Motion made, and Question proposed,
That an humble Address be presented to Her Majesty, that She will be graciously pleased to issue a Royal Commission to inquire into the administration of the Dunkeld Bridge Tolls, and to ascertain, with items in detail, the real
state of the account of moneys received and expended by the Dukes of Athole in connection with the said Trust."—[Mr. O'Donnell.)
THE LORD ADVOCATE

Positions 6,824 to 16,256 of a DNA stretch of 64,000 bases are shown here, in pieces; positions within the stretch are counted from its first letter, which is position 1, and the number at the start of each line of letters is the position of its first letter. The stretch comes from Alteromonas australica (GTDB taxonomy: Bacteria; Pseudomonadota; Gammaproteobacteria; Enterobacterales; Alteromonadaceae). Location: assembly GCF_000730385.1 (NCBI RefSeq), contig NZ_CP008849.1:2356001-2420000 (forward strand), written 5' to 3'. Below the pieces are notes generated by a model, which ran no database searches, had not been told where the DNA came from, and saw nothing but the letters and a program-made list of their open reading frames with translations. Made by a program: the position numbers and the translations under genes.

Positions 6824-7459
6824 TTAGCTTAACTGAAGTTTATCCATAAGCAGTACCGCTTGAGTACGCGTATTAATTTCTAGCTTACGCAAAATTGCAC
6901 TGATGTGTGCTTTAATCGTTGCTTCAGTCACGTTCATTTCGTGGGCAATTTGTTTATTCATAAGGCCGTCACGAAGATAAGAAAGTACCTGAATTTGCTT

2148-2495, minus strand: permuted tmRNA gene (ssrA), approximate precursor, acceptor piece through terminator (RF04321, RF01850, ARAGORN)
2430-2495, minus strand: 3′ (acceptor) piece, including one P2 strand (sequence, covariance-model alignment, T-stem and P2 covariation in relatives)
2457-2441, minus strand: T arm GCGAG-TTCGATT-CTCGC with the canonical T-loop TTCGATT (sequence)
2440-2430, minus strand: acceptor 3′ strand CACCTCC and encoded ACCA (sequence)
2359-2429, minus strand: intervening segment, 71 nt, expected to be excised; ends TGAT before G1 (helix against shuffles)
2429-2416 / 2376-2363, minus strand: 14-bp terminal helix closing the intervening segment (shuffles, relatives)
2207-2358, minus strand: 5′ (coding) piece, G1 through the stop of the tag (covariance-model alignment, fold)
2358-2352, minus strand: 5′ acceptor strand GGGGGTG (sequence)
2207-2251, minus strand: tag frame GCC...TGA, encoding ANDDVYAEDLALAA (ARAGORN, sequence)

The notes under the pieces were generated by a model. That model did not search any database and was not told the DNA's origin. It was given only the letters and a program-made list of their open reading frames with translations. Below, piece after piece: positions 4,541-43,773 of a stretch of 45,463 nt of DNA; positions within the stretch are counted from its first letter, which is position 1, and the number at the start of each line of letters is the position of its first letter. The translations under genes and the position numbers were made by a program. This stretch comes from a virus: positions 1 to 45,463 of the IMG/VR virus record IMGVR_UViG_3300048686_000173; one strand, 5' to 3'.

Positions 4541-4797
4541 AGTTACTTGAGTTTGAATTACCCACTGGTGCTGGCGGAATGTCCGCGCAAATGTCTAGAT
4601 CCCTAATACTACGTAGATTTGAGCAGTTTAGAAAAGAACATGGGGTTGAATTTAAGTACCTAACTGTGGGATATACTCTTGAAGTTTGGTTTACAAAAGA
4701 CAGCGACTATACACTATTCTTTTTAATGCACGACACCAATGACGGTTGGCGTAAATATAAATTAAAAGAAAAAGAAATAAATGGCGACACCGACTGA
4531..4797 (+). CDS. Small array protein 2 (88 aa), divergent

Sir, I shall endeavour to explain very shortly the grounds upon which the Government cannot assent to the Motion of the hon. Member for Dungarvan. It is quite true that at the beginning of the century the then Duke of Athole obtained an Act by which he gave up certain rights of ferry, and obtained power to build a bridge, and to apply the tolls in repayment of the cost of the erecting, maintaining, and repairing of the bridge; the further provision being that when that cost was fully repaid, the tolls should be reduced by a third, and £1,500 accumulated for the future needs of the bridge. The hon. Gentleman is in error in saying that by the Act the outlay on the bridge was limited to £18,000. That sum was the limit imposed, on the amount the Athole family were permitted to borrow from time to time during the existence of the trust on the security of the tolls; but, in point of fact, the erection of the bridge cost nearly double £18,000. I am not going into details about all this, because it would occupy a very long time, and because in the year 1868 a number of residents in the neighbourhood of Dunkeld instituted an action in the Court of Session directed against the present Duke of Athole, who had just then come into possession of his estates. The object of that action was to have an investigation of the whole of the accounts connected with the erection, maintenance, and repair of the bridge, and to have it declared by the Court that the whole debt due to the family had been paid off, and that the bridge was free, the Duke of Athole making good any sums received in excess of the expenditure. The litigation went on very actively for three years and a-half, both sides being represented by active agents and very able counsel, and it was brought to a termination by a final judgment of the First Division of the Court of Session, pronounced in January, 1872, which might have been appealed against; but as it was not appealed against within the period prescribed by Statute, has now become final. In that action almost every one of the points set up as grievances now were examined and disposed of by that 632 Court. There was a very full inquiry before an accountant. There were detailed objections to his report by both parties interested. It was fought most vehemently both in the Outer House and in the Inner Court, and the proceedings finally ended in a judgment which no proceedings have been taken to challenge or set aside. It repelled a number of pleas, and found the balance due was £18,116. I am not aware, starting from that point, that there is any complaint as to the management of the bridge or as to the lodging of the accounts. I understand the object of this Motion is to rip up all the previous questions judicially settled, and to try again by Royal Commission the question of the liability of the Duke of Athole after that question has been decided by a competent Court, and after full discussion of the points involved. Since the date mentioned, the accounts have been regularly kept, and from the accounts lodged, it appears that the debt in April, 1877, was reduced to £11,721, the large reduction being due to the payment by the Highland Railway Company of £5,000 as compensation for their interference with the traffic, which they had agreed to pay, but refused to hand over until they knew who were the proper persons to get the money. Upon these grounds, I say, the question has been settled by competent Courts, and we should not attempt to upset in this House the judgment which should be regarded as final.